The Primacy of Human Will

by Rebecca Bynum (March 2013)

Behold, I stand at the door and knock. If anyone hears My voice and opens the door, I will come in to him and dine with him, and he with Me. – Revelation 3:20

Material determinists continue to argue that human free will is a weird kind of cruel illusion. Sam Harris, for example, argues that whereas we are not our own creators, and did not create all the myriad factors of our environment, do not control all the factors of influence that go into our genetic and environmental make-up, that therefore no decision made can be said to have been truly free. All the evolutionary factors of our make-up going back to the beginning of life on earth (indeed beyond, since why this planet and not another?) would have to have been consciously decided by us to make our decisions free since all of those factors influence our decisions at least to some degree now. Hence, our decisions are limited; therefore, we are not free will beings.

I would tend to agree with Mr. Harris, if it were true that human beings were merely material constructs with no perception or experience of non-material reality. But that is not true, human beings perceive and act upon spiritual value, we distinguish good from evil, and it is these very decisions which are valuable in and of themselves. Though human beings are built upon an evolutionary animal substrate, and that substrate predetermines many kinds of preferences and desires during material life, yet the most critical moral decisions are made by distinguishing levels of value. In this realm, involving the choosing of better and more moral positions among our fellow men, we are completely free. In the absence of mental illness or serious brain injury, both good and evil are freely chosen.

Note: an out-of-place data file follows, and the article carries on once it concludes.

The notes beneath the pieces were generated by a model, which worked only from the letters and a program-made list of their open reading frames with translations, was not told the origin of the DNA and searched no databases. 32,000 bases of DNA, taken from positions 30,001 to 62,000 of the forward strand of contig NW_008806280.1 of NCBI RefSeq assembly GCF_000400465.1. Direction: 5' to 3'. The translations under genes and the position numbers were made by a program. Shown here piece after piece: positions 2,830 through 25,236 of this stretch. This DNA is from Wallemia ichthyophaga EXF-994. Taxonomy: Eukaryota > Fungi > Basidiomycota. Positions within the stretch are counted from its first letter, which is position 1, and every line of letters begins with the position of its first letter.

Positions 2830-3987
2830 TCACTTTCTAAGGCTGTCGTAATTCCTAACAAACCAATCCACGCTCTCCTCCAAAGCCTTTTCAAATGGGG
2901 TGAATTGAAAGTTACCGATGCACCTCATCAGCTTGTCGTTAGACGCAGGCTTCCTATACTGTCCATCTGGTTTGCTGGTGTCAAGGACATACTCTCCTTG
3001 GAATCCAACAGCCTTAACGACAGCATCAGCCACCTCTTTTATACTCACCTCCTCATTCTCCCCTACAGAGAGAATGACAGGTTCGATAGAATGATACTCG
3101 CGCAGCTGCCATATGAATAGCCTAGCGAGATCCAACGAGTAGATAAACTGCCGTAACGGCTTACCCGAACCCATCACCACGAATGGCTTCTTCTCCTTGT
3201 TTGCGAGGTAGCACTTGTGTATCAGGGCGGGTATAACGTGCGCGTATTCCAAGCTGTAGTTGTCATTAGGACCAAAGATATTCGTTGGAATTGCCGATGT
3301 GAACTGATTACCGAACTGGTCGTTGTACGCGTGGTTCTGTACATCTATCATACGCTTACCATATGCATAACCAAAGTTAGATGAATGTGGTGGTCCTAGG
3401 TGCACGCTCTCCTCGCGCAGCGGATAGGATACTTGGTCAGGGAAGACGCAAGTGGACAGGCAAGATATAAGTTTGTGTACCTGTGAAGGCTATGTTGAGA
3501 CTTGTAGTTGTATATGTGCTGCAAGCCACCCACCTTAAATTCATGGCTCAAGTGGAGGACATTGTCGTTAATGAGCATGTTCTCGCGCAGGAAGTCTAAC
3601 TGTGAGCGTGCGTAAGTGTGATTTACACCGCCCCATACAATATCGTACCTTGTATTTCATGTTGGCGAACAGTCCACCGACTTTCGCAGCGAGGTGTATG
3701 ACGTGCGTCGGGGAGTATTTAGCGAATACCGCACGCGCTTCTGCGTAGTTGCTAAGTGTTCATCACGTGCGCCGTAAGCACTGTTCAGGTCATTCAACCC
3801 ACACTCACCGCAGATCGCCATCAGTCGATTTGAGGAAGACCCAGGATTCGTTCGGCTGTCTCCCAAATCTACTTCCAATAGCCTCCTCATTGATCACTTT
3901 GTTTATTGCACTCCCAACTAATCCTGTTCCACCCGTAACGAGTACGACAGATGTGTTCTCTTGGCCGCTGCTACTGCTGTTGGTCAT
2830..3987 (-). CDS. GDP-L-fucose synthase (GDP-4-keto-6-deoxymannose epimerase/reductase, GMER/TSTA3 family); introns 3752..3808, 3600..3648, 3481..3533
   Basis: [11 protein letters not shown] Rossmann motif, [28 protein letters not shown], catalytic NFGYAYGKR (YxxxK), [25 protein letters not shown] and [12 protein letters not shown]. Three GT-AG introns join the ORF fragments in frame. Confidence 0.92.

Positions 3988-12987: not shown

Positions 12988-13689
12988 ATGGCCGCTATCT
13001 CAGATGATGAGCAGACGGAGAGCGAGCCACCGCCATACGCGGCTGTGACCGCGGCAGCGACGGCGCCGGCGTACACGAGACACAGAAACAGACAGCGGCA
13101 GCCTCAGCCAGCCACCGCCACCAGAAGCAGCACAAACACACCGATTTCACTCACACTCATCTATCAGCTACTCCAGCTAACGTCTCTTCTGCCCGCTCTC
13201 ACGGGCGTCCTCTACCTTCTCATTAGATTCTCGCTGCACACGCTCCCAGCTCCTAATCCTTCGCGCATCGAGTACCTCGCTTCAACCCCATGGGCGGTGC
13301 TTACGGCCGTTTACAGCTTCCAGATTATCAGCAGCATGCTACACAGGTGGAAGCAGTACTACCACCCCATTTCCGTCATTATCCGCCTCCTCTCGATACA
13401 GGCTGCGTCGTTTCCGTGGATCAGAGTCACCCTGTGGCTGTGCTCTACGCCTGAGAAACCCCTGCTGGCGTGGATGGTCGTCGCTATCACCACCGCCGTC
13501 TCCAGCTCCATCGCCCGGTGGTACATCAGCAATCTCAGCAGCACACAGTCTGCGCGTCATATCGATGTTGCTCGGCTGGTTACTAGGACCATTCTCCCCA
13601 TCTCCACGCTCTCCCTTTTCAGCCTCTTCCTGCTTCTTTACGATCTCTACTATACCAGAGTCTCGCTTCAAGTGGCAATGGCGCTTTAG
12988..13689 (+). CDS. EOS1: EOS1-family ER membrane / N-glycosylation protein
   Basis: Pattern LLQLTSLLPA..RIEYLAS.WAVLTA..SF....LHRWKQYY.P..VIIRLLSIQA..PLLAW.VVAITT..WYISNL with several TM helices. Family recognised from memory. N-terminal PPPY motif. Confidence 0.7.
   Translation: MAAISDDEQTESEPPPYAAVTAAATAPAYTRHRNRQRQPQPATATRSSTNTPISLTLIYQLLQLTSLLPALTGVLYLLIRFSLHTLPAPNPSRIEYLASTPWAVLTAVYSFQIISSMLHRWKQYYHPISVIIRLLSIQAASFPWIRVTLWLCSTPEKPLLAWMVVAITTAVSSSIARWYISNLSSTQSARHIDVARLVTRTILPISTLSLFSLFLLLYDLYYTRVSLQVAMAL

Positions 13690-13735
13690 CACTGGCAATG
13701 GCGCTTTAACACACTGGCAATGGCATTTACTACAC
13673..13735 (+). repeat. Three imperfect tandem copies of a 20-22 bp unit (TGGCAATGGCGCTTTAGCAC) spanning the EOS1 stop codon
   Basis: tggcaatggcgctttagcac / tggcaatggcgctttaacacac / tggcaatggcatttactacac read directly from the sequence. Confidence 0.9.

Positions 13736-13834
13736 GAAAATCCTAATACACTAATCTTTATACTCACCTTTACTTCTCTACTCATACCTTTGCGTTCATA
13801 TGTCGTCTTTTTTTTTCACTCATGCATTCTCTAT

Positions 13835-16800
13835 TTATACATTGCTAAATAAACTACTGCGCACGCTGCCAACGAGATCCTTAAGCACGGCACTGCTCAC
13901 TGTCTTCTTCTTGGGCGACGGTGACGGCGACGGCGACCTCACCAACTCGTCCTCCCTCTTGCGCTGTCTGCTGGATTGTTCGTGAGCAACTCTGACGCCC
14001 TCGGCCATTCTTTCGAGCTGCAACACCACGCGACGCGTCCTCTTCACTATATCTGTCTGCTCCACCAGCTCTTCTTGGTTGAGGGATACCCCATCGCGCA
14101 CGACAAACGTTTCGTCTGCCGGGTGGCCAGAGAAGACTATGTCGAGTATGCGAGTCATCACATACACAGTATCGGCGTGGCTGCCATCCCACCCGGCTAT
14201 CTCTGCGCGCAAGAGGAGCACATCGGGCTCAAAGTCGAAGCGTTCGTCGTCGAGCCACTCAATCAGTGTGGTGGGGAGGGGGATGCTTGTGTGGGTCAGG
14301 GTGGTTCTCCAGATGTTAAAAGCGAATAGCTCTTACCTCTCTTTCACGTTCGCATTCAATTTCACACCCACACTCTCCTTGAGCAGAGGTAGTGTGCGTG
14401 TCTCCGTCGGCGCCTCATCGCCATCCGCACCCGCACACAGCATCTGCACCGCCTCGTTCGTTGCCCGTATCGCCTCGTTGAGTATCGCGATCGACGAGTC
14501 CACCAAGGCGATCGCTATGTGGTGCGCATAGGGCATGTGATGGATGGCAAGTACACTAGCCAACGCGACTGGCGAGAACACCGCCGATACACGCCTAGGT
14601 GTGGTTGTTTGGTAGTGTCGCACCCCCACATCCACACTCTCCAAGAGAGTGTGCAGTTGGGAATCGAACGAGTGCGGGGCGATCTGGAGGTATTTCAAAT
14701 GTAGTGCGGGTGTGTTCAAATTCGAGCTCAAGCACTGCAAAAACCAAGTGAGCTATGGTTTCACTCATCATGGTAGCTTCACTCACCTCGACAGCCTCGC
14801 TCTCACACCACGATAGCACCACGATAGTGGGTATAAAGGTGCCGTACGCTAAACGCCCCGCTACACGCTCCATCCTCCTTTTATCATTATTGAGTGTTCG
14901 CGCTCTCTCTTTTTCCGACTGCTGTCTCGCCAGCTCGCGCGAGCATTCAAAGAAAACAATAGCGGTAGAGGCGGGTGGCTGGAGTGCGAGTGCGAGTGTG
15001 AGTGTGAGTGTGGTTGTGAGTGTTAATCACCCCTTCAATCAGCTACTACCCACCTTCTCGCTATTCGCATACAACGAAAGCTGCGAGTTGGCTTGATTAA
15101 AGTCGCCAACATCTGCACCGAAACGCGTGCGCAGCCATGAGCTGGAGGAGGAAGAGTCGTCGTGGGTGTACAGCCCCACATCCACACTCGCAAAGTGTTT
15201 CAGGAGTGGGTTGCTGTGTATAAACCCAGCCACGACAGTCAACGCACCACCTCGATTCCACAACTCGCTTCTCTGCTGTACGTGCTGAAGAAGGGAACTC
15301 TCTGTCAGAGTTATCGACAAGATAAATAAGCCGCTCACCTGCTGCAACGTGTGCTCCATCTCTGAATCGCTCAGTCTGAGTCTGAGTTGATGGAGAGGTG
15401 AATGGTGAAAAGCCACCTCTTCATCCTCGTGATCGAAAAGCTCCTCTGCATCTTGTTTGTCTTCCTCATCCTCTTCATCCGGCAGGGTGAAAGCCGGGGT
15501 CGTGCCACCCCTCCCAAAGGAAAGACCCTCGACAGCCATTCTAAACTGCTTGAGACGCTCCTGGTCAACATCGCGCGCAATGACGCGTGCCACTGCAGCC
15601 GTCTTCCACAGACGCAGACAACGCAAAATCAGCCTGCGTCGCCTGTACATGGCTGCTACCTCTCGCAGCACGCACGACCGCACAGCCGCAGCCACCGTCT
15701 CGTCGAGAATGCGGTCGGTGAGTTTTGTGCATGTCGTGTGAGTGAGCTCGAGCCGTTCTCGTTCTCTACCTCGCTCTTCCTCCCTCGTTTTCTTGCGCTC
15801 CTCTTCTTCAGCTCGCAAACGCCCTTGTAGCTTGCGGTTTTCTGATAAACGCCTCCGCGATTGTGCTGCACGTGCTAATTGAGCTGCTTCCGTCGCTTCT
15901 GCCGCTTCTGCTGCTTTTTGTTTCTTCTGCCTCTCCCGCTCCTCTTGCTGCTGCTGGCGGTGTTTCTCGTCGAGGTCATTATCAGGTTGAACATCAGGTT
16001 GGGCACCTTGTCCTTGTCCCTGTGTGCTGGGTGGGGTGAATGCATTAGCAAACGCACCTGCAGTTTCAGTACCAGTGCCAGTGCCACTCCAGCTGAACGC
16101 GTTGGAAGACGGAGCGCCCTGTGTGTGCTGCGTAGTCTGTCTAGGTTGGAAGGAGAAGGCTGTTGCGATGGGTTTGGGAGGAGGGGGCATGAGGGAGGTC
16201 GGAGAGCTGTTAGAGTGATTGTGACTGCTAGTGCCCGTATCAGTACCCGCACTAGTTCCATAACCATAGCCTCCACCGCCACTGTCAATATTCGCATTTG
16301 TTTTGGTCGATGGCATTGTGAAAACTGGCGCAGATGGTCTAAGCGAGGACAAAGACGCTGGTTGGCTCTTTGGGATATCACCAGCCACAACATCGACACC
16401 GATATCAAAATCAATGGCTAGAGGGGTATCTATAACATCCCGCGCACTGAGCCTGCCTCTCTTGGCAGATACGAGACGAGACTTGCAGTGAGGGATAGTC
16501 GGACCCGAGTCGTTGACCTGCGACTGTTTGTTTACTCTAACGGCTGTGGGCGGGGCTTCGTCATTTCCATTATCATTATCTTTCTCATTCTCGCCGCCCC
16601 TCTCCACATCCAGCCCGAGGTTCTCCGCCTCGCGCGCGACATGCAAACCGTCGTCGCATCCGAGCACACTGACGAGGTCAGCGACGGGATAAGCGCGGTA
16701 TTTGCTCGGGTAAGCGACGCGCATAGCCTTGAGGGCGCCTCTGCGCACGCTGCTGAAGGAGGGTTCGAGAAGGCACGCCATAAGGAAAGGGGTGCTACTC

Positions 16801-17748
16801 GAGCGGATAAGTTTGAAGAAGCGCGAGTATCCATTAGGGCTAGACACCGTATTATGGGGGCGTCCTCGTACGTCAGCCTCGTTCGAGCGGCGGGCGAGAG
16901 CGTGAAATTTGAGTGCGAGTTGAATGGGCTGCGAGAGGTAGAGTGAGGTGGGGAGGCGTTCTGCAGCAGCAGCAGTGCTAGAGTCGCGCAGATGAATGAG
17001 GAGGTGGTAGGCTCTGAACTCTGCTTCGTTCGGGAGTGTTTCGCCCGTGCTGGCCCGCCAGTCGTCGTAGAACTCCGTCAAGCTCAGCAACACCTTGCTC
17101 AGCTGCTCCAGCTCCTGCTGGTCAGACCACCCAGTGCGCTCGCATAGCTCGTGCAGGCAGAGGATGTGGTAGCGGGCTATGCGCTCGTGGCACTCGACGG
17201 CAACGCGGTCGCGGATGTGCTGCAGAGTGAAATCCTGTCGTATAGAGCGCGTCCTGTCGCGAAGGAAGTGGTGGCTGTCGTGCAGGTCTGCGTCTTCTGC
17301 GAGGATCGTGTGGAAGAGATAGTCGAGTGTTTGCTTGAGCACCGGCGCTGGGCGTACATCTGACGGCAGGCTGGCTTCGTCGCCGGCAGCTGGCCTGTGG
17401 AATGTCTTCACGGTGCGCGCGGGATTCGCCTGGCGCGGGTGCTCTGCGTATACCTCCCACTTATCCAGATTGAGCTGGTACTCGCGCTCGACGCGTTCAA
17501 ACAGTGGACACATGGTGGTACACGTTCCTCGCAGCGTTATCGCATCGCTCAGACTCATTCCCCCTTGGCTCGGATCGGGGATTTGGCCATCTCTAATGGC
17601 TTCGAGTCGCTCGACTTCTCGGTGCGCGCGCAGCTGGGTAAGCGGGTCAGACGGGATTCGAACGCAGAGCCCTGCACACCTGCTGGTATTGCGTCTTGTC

These are the decisions our lives are built upon. The fact that I like eggs for breakfast, may have been influenced by an omnivorous ancestor in the distant past, but my moral decisions determine my future – what kind of person I will be, what kind of character I will develop and how I will treat others throughout my life. “Love thy neighbor as thyself” is not a formula for survival of the fittest. Moral decisions do not confer survival value in the material world, in fact they often do the opposite, but they do enhance survival potential for a life beyond this one in which spiritual value predominates.

Some religious thinkers, most notably Martin Luther, speculated that if God were all-powerful, then human life must be predestined. This formula fails to consider the idea that God may have decided to self-limit his power in order for man to have freedom. The great illustration of this is, of course, the death of Jesus. Though he could heal the sick, give sight to the blind and raise the dead, he did not resist his arrest, trial and execution, but rather submitted to the will of man. God’s will in voluntary submission to human will. A more powerful demonstration of the nature of God could not be found.